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SPO experiments with ‘new normal’ for COVID-19 times

SPO director Osmo Vanska leads the orchestra during a livestreamed concert Friday at the Seoul Arts Center in southern Seoul. (SPO)
SPO director Osmo Vanska leads the orchestra during a livestreamed concert Friday at the Seoul Arts Center in southern Seoul. (SPO)

The prolonged COVID-19 crisis has been pushing the performing arts scene to search for new ways to share their art, and the Seoul Philharmonic Orchestra has found a way to perform together onstage while complying with the social distancing measures.

The SPO, a Seoul City-funded orchestra, had originally planned to perform onstage with an in-person audience at the Seoul Arts Center on Friday. The plan, however was canceled due to renewed concerns about COVID-19 community spread.

The orchestra then proceeded to pursue a performance that would be streamed live online. For the concert, the SPO, which typically performs with about 100 musicians onstage, made changes to the original program, performing pieces that required small ensembles to accommodate the social distancing requirement for the musicians. At any point in the concert, there were no more than 50 musicians on the stage at once.

Titled “#ThankYouAll,” the concert was held under the baton of director Osmo Vanska, who traveled here from the US for the occasion and was subjected to a two-week quarantine upon arrival.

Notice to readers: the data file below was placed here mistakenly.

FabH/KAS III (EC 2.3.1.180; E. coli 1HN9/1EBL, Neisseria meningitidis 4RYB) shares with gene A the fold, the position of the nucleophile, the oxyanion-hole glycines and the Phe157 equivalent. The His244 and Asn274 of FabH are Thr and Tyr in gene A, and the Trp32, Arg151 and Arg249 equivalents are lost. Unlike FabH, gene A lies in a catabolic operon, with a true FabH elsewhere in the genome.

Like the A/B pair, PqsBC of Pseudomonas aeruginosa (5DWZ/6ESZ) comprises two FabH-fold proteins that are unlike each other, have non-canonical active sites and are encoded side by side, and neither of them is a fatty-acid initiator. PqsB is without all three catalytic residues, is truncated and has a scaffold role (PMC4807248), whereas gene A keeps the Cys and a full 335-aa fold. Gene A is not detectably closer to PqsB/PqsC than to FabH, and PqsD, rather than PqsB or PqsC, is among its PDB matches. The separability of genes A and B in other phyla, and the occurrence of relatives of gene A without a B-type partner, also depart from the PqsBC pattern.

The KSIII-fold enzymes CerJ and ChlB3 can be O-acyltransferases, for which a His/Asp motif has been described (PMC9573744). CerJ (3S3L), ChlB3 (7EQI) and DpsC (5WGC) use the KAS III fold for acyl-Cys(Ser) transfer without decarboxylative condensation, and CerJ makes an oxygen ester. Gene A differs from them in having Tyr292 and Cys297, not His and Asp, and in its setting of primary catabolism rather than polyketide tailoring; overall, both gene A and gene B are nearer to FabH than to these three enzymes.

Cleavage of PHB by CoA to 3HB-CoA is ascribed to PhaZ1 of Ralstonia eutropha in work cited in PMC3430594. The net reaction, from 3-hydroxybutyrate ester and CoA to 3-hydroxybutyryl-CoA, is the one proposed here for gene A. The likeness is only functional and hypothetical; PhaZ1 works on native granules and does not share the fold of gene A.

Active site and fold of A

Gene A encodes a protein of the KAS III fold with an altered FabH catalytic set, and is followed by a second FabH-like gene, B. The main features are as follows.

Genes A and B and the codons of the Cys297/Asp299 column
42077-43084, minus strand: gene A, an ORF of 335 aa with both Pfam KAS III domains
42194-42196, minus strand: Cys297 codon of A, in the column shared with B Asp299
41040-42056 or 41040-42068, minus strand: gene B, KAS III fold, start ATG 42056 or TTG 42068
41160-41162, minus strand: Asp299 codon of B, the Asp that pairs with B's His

While Stravinsky, Symphonies of Wind Instruments and Vaughan Williams, which requires 24 orchestra members, and Fantasia on a Theme by Thomas Tallis for String Orchestra, which requires 50 musicians, were kept from the original program, Elgar’s Variations on an Original Theme Enigma, Op. 36, a grand orchestral work, was replaced by Mozart Symphony No. 39 in E-flat Major, K.543, which required 43 musicians.

All the orchestra members onstage -- except for the wind instrument players -- wore masks. The conductor and string players were situated 1.5 meters apart, string players were 1.5 meters apart from each other and string players and woodwind players were distanced 3 meters apart.

Though it is customary for two string players to share one music stand, for this concert, each player had an individual music stand. Transparent plastic barriers were placed in front of wind instrument players.

In concert halls, it is hard to detect small hand gestures and facial expressions of the orchestra members and the conductor from a distance. However, the streamed video captured even the smallest details and delivered them to the audiences watching the show at home.

“With the post-coronavirus era, the SPO considered developing a proper production process, adjusting to the ‘new normality’ for the safety of the musicians, artists and the audience in the concert hall,” SPO CEO Kang Eun-kyung said before the concert streamed online.

She also said the orchestra will consider changes to the artists and programs slated for the rest of the year, keeping artists from overseas to a minimum and adjust the concert schedules, taking into consideration the 14-day quarantine rule for foreign arrivals.

The online concert was streamed via the orchestra’s Facebook and YouTube accounts. The video clip has also been uploaded to watch again on Naver TV and YouTube. The concert recorded 23,000 viewers as of Tuesday.

By Im Eun-byel (